Chapter 5. Risk and Return. Learning Goals. Learning Goals (cont.)


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1 Chapter 5 Risk and Return Learning Goals 1. Understand the meaning and fundamentals of risk, return, and risk aversion. 2. Describe procedures for assessing and measuring the risk of a single asset. 3. Discuss the measurement of return and standard deviation for a portfolio and the concept of correlation. 4. Understand the risk and return characteristics of a portfolio in terms of correlation and diversification, and the impact of international assets on a portfolio. 52 Learning Goals (cont.) 5. Review the two types of risk and the derivation and role of beta in measuring the relevant risk of both a security and a portfolio. 6. Explain the capital asset pricing model (CAPM) and its relationship to the security market line (SML), and the major forces causing shifts in the SML. 53
2 Risk and Return Fundamentals If everyone knew ahead of time how much a stock would sell for some time in the future, investing would be simple endeavor. Unfortunately, it is difficult if not impossible to make such predictions with any degree of certainty. As a result, investors often use history as a basis for predicting the future. We will begin this chapter by evaluating the risk and return characteristics of individual assets, and end by looking at portfolios of assets. 54 Risk Defined In the context of business and finance, risk is defined as the chance of suffering a financial loss. Assets (real or financial) which have a greater chance of loss are considered more risky than those with a lower chance of loss. Risk may be used interchangeably with the term uncertainty to refer to the variability of returns associated with a given asset. Other sources of risk are listed on the following slide. 55 Table 5.1 Popular Sources of Risk Affecting Financial Managers and Shareholders 56
3 Return Defined Return represents the total gain or loss on an investment. The most basic way to calculate return is as follows: 57 Return Defined (cont.) Robin s Gameroom wishes to determine the returns on two of its video machines, Conqueror and Demolition. Conqueror was purchased 1 year ago for $20,000 and currently has a market value of $21,500. During the year, it generated $800 worth of aftertax receipts. Demolition was purchased 4 years ago; its value in the year just completed declined from $12,000 to $11,800. During the year, it generated $1,700 of aftertax receipts. 58 Historical Returns Table 5.2 Historical Returns for Selected Security Investments ( ) 59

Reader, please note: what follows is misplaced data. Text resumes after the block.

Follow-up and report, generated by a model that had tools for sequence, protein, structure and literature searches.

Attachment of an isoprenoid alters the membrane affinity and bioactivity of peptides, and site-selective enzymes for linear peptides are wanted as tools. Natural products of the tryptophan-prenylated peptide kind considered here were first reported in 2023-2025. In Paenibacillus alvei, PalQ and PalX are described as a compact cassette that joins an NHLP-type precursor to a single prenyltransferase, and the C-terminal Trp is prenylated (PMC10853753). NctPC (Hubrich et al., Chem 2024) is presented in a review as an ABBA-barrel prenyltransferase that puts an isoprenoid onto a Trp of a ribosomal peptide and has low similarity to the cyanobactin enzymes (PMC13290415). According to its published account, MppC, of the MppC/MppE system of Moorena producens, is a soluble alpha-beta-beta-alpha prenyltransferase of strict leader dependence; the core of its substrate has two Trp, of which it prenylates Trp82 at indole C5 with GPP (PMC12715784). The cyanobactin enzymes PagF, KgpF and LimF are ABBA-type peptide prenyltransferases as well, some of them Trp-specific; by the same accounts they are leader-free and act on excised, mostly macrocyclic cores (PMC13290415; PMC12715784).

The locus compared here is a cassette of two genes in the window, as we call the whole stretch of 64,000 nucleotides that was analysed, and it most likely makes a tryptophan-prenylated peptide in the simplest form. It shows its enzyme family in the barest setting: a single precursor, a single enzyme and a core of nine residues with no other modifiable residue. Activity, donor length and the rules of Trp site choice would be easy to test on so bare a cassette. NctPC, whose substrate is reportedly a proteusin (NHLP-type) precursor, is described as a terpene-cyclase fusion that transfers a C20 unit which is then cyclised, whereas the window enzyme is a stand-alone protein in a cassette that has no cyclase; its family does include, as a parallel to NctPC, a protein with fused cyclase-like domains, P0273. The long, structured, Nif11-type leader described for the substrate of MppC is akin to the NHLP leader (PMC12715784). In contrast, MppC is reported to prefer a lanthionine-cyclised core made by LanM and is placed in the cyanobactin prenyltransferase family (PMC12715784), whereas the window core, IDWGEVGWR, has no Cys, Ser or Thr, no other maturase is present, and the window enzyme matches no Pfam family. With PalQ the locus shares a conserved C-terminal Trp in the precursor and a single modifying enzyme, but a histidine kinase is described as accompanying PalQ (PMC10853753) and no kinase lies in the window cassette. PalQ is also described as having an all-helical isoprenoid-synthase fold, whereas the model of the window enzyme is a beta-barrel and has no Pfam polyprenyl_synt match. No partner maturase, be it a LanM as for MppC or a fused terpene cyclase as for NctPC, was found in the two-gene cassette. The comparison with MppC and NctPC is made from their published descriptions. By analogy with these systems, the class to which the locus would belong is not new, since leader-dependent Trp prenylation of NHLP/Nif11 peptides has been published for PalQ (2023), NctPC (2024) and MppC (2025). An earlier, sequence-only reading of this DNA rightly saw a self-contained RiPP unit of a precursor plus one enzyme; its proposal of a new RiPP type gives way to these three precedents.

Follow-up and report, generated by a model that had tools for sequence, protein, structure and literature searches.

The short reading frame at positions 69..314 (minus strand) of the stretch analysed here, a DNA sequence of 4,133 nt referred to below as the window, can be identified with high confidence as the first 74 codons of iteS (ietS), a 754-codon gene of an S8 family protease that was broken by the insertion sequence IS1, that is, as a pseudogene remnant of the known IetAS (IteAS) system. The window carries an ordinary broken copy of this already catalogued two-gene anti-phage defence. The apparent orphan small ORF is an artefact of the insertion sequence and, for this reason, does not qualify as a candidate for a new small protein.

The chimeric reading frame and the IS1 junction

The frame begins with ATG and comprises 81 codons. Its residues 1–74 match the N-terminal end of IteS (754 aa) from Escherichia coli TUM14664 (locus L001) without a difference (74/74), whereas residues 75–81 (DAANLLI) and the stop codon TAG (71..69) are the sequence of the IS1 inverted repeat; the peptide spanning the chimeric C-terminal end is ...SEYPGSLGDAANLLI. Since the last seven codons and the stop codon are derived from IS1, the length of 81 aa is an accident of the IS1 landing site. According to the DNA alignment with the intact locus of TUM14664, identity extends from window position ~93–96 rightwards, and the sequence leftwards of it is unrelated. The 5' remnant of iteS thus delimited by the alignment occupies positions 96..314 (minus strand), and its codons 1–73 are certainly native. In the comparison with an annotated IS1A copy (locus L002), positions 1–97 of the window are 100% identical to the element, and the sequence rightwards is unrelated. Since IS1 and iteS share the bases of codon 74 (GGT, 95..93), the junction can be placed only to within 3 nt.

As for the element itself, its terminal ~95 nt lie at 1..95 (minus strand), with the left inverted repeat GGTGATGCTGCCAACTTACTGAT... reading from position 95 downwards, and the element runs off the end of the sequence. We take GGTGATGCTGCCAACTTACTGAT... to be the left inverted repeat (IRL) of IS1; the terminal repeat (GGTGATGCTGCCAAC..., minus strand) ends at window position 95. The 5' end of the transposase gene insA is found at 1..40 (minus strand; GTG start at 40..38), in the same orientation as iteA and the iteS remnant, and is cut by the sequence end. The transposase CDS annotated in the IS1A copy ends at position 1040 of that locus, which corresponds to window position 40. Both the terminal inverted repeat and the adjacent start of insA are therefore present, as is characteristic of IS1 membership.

4 Figure 5.1 Risk Preferences 510 Risk of a Single Asset Norman Company, a custom golf equipment manufacturer, wants to choose the better of two investments, A and B. Each requires an initial outlay of $10,000 and each has a most likely annual rate of return of 15%. Management has estimated the returns associated with each investment. The three estimates for each assets, along with its range, is given in Table 5.3. Asset A appears to be less risky than asset B. The risk averse decision maker would prefer asset A over asset B, because A offers the same most likely return with a lower range (risk) Risk of a Single Asset (cont.) Table 5.3 Assets A and B 512
5 Risk of a Single Asset: Discrete Probability Distributions Figure 5.2 Bar Charts 513 Risk of a Single Asset: Continuous Probability Distributions Figure 5.3 Continuous Probability Distributions 514 Return Measurement for a Single Asset: Expected Return The most common statistical indicator of an asset s risk is the standard deviation, σ k, which measures the dispersion around the expected value. The expected value of a return, rbar, is the most likely return of an asset. 515
6 Return Measurement for a Single Asset: Expected Return (cont.) Table 5.4 Expected Values of Returns for Assets A and B 516 Risk Measurement for a Single Asset: Standard Deviation The expression for the standard deviation of returns, σ k, is given in Equation 5.3 below Risk Measurement for a Single Asset: Standard Deviation (cont.) Table 5.5 The Calculation of the Standard Deviation of the Returns for Assets A and Ba 518